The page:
Dirk Schmitt is a German artist from Cologne and a painter in the contemporary realism style. Dirk uses Schmincke Mussini oil colours, a range of beautiful oil paints based on recipes from the old masters using resin. We asked him which colours were the most indispensable to his painting practice. He found it difficult to choose between the 108 unique and brilliant colours as he uses a large spectrum of Mussini in his oil paintings. But, he does have some favourite colours, due to their special characteristics and colour effects, that he always returns to. Dirk Schmitt tell us which colours in the Mussini range he appreciates most.
Mussini finest artists’ resin-oil colours
- Natural Bohemian Green Earth
- Verona Green Earth
- Brown Pink
- Brownish Grey 1
- Alizarin Madder Lake
Dirk Schmitt explains what makes these colours so special:
Natural Bohemian Green Earth
“I love to use this brownish green very thin for toning the canvas. It influences the colour impression of the colours applied later. It is also a good colour for making sketches before painting. And, finally, this semi-transparent colour is perfect for underpaintings in portraits. Why? The applied flesh tints seem less intense, as they were softened due to the complementary contrast of these colours, and the skin colours seem more natural.”
Verona Green Earth
“This cool, earth green tone doesn’t exist anymore in its original form. Fortunately, the Mussini colour is a nearly perfect replacement. Verona Green Earth is the classic colour for landscape painting. The tone is ideal for middle grounds in landscapes and at the same perfect for mixing warmer and cooler green shades: mixed with Attish Light Ochre or Indian Yellow I it will achieve warm tones, mixed with transparent blues, the colour becomes more cool. For transparent shadows in landscapes it can be tinted perfectly with Vandyke Brown or a Neutral Black. The hue and the high transparency make this colour essential in my palette.”
“This colour has an incredible colour diversity even straight from the tube. Applied in an opaque way it is a strong, warm and dark brown (like Burnt Umber), in transparent layers it changes to a nearly yellowish tone, similar to a Yellow Ochre. This makes this colour perfect for underpainting colour gradients into dark tones (from red to dark brown up to black) as well as for gradients into light (warm colours as Raw Sienna or Ochre shades.”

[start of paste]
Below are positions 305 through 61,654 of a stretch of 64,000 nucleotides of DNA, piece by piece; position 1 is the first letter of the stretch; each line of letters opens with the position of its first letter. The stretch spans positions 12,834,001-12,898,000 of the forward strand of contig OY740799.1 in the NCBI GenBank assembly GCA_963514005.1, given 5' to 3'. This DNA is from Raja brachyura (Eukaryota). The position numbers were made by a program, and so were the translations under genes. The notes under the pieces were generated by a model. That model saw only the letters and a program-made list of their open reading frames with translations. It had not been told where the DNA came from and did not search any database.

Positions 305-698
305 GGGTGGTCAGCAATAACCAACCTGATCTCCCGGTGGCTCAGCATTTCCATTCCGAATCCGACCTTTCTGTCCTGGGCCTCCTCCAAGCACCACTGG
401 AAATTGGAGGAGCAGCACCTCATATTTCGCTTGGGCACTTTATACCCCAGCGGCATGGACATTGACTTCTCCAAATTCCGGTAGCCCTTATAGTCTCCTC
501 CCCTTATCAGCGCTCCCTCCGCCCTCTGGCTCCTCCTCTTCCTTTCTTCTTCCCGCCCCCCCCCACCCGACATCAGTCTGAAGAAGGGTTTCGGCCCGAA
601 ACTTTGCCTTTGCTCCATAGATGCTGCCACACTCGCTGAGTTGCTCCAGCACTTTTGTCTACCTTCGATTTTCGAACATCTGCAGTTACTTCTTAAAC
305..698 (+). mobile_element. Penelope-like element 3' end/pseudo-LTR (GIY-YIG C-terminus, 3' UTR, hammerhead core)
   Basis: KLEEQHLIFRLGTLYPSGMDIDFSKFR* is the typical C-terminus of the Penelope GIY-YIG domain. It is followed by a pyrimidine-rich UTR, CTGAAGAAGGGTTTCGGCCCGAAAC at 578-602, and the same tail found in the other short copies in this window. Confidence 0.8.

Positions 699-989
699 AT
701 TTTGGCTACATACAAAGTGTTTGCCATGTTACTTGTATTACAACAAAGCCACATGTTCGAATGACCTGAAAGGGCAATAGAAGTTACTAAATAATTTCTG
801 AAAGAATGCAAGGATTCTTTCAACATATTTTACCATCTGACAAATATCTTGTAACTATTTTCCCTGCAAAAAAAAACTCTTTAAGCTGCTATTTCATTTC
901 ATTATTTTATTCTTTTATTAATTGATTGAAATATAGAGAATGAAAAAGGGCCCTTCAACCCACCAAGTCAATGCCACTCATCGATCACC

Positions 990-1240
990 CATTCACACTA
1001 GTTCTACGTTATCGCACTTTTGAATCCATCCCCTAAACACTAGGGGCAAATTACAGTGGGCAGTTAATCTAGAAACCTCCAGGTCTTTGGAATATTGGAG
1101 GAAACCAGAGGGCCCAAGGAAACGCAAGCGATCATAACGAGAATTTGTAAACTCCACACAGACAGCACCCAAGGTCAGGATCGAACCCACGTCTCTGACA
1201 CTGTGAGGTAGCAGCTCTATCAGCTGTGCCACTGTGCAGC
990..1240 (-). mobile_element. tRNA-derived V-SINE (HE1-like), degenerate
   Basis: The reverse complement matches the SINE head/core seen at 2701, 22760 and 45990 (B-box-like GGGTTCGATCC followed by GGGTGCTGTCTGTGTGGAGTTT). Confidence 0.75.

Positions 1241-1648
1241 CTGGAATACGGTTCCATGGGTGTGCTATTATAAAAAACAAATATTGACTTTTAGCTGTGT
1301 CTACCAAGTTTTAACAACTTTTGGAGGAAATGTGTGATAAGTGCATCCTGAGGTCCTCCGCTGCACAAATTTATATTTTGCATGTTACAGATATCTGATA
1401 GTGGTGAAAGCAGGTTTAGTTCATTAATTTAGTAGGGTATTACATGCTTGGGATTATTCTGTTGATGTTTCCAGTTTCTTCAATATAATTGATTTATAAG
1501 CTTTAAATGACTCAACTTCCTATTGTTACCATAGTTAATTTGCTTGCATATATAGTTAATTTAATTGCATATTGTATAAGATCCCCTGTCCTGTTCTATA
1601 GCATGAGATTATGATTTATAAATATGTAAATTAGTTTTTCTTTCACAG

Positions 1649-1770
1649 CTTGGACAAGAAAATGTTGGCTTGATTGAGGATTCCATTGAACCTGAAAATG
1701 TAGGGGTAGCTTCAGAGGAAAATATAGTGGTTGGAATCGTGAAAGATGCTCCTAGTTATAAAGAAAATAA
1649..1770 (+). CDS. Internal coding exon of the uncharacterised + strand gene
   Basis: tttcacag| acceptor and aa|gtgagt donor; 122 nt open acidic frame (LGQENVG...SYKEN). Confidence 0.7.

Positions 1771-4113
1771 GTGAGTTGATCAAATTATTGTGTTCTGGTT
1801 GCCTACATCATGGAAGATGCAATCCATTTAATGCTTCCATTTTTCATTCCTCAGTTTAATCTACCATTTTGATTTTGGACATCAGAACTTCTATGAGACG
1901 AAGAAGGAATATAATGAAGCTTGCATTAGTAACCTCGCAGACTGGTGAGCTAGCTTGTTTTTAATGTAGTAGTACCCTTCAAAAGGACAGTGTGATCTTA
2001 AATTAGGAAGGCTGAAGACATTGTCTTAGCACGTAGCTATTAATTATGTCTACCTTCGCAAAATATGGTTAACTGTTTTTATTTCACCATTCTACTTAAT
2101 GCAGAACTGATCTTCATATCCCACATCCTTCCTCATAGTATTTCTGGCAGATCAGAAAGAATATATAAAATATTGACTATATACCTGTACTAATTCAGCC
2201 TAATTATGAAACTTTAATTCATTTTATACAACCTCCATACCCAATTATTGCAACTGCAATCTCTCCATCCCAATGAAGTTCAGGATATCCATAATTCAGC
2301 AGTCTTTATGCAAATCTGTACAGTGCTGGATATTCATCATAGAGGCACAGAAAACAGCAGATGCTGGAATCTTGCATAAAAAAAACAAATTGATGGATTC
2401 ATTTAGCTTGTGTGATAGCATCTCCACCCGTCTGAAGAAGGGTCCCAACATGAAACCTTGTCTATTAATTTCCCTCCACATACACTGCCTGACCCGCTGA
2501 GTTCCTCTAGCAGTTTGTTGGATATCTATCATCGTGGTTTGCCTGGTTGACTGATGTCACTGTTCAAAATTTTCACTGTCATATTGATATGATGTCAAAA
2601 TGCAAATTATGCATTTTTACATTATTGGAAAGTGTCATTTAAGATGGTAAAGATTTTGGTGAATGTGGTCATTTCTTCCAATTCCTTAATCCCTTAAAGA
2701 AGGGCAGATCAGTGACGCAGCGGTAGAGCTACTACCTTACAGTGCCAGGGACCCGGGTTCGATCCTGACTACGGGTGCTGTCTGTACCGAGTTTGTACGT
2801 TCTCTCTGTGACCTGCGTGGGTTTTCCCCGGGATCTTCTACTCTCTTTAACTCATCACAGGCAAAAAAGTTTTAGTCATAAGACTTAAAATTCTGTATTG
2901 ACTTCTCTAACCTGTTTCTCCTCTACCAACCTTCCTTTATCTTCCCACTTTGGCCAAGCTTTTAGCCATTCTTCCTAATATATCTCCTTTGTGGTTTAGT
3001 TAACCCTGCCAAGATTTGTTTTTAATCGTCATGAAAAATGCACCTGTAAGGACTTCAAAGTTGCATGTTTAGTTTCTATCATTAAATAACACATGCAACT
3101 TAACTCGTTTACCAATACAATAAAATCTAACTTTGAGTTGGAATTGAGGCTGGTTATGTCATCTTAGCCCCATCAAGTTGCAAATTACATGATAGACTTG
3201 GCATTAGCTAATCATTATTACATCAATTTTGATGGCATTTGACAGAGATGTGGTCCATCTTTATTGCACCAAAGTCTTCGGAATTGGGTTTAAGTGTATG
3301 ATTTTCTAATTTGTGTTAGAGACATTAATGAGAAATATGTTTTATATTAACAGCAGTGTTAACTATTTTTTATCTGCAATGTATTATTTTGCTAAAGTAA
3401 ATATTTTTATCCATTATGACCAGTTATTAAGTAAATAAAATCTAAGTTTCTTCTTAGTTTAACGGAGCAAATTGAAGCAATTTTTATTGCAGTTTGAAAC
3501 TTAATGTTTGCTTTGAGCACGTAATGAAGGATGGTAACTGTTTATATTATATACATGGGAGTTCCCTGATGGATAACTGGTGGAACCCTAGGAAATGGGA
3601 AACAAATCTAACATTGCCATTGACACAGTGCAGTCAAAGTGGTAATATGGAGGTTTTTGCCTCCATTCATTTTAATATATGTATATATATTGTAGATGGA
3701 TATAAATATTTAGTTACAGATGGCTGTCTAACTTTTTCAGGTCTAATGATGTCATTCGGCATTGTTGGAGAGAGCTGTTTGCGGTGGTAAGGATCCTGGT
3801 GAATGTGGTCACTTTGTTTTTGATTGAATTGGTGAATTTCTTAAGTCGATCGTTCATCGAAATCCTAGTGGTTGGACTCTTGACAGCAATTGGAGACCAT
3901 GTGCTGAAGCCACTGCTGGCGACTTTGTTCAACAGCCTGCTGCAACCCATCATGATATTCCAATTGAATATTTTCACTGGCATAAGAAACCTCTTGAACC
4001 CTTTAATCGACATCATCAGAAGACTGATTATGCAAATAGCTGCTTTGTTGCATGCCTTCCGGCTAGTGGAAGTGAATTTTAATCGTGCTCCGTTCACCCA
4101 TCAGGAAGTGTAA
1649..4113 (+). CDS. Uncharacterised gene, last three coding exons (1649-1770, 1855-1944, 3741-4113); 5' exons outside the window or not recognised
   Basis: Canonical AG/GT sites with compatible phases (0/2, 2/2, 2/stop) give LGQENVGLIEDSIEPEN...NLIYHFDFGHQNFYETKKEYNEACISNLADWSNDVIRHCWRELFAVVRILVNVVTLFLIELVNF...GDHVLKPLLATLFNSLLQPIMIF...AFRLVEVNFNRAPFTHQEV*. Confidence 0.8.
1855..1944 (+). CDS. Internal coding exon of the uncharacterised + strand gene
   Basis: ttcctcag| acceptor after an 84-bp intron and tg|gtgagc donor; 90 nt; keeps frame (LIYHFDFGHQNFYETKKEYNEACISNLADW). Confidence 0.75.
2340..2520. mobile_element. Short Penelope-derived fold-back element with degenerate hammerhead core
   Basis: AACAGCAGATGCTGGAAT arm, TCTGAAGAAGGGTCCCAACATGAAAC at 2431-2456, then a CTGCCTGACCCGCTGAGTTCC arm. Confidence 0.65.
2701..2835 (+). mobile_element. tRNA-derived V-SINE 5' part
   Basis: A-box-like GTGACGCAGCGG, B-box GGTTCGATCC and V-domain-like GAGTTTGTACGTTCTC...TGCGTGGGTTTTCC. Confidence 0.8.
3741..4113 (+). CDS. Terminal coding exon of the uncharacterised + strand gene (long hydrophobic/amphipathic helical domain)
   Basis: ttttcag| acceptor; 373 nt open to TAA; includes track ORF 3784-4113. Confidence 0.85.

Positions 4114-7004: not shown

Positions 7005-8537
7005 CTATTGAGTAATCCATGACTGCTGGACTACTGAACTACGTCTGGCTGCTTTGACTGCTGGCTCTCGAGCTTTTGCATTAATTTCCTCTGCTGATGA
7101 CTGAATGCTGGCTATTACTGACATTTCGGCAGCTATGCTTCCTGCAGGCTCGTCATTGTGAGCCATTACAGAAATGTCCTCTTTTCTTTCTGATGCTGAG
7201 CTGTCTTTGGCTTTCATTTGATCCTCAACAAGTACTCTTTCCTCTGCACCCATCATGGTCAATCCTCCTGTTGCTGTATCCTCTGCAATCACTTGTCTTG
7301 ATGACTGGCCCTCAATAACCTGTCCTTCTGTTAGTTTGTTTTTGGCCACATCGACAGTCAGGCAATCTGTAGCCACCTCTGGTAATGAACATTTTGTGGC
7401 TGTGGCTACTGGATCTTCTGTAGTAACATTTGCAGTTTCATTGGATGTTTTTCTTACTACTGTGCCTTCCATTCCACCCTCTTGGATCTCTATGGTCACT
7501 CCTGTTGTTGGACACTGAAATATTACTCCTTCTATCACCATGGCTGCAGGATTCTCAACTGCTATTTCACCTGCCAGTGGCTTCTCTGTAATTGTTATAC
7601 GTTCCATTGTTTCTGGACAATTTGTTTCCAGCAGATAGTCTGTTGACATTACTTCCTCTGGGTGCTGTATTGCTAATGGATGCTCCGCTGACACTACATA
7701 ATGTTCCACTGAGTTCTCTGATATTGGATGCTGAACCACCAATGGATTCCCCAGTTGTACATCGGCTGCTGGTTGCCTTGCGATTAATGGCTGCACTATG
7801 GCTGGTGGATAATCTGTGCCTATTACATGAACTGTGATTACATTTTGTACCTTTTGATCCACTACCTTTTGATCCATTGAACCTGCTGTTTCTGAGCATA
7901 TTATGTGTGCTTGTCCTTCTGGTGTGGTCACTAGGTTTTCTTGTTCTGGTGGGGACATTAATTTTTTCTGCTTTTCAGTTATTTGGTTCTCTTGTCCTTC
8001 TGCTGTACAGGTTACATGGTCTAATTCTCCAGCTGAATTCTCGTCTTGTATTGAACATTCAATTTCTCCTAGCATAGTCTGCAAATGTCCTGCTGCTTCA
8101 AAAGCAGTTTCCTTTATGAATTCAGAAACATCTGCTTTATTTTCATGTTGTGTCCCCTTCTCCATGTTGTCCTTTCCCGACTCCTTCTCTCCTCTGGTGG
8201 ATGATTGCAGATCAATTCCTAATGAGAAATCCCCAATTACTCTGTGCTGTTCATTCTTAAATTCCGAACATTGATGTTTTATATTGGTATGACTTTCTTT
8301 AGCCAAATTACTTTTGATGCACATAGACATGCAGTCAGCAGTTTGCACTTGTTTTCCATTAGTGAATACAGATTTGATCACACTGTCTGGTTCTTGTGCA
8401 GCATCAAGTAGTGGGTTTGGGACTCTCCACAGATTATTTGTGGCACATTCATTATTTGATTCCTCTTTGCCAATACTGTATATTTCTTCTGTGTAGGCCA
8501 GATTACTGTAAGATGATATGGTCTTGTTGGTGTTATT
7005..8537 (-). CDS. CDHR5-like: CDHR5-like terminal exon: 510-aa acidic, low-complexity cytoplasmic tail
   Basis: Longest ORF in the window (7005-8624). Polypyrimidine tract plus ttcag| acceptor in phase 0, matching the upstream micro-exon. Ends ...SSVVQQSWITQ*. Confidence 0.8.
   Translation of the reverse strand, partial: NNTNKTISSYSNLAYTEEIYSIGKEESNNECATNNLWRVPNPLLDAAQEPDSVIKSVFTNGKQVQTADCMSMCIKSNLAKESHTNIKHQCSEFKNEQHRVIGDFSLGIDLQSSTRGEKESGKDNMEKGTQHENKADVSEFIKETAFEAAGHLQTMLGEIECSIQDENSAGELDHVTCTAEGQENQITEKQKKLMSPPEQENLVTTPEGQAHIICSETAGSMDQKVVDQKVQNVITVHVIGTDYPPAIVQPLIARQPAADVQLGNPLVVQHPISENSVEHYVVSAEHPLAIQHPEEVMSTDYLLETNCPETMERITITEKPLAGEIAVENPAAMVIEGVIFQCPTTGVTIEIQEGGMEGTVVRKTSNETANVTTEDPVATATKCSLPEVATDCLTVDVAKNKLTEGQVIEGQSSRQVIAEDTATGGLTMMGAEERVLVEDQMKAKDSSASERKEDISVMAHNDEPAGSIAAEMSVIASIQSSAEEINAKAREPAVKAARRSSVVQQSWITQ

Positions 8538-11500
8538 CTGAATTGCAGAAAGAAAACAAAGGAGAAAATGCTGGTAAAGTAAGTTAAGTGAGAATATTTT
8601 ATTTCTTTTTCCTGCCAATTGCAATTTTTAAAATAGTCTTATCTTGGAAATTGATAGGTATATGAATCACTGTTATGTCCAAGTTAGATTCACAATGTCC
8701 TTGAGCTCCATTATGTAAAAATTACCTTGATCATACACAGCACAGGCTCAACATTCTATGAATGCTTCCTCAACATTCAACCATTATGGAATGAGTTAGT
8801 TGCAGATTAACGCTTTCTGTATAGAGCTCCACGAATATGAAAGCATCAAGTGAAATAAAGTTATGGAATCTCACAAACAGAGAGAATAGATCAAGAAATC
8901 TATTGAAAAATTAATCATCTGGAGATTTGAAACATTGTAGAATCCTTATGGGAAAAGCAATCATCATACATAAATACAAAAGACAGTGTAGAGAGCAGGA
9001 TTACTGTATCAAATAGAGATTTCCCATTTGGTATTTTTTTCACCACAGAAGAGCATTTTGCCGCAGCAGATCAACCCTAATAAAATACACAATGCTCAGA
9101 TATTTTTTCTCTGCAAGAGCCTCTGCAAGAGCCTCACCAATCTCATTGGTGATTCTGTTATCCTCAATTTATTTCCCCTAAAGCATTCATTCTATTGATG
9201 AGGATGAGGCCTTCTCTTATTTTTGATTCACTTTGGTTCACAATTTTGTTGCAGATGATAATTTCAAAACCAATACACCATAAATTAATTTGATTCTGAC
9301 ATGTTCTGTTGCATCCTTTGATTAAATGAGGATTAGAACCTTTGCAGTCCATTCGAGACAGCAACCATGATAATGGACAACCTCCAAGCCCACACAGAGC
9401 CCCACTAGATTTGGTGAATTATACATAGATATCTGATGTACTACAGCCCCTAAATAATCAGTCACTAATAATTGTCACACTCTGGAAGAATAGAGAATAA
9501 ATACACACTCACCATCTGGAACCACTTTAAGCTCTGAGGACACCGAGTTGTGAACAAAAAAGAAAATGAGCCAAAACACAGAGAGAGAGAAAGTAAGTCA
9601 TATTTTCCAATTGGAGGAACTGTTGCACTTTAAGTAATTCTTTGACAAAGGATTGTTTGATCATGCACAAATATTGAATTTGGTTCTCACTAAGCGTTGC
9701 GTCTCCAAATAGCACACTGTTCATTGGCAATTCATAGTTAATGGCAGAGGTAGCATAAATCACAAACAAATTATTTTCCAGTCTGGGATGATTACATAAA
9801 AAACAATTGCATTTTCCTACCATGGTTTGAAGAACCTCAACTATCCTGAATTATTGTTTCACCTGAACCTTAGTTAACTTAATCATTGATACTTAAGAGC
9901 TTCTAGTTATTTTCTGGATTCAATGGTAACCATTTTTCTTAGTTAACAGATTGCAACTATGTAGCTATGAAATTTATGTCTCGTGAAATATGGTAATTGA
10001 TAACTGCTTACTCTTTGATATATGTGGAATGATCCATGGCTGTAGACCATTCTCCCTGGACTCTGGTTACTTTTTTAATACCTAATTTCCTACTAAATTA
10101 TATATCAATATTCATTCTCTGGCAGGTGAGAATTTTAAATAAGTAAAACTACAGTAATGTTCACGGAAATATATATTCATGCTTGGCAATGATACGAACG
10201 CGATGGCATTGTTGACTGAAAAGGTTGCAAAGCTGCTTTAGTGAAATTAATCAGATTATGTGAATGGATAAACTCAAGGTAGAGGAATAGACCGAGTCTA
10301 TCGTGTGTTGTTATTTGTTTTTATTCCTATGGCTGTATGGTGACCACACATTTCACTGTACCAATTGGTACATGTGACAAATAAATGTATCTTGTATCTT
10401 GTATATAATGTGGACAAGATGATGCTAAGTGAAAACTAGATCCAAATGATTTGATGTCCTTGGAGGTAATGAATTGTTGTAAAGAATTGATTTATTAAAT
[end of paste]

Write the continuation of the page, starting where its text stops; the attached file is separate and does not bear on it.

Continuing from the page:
Atrament and Brownish Grey 1
“This semi-transparent, relative cool, greenish grey is an essential colour for landscape painting. It perfectly suits the dark parts and shadow areas. Atrament has a second special characteristic: when mixing it with Mussini Brownish Grey 1 (an opaque, warm, light grey) Atrament becomes not only more opaque but also more light. This makes it perfect for grisaille-painting which is a composition of a painting using only grey colour shades (tonal art work) from a dark glazing application to light and opaque painting. The grisaille painting has a very long painting historical tradition and was practised in medieval panel painting. After a grisaille has been finished, it can be overpainted and coloured with several thin and glazing colours.”
Alizarin Madder Lake
“This Mussini colour, synthetically produced since the late 19th century (because the natural version is not lightfast), is the only one which corresponds to the former original dark red tone. It stands out due to its incredible brilliance and intensity and has perfect glazing properties. In pure application it shines like a luscious dark red, mixed with Indian Yellow you are going to get marvellous warm, transparent orange shades. When mixing it with Phthalo Green (both colours form a nearly perfect complementary contrast), you will get an achromatic neutral black, which is ideal for tinting other colours.”
See more of Dirk Schmitt’s painting on his website.
Click on the underlined link to go to the Schmincke Mussini oil colours on the Jackson’s Art Supplies website. Postage on orders shipped standard to mainland UK addresses is free for orders of £39.
Interesting. So far as the glazing technique is concerned
(and this question has come up on the Painters Online f
orum too) what white would you suggest for the
underpainting (if any) given that lead whites are now so hard
We will soon be getting in the Schmincke Flake White Hue that has similar stickiness and opacity to real flake white.
It will be a couple of weeks.
If you try it please let us know what you think.
I am amazed with your art techniques.
Especially the way you paint choose
the background. Simply beautiful work.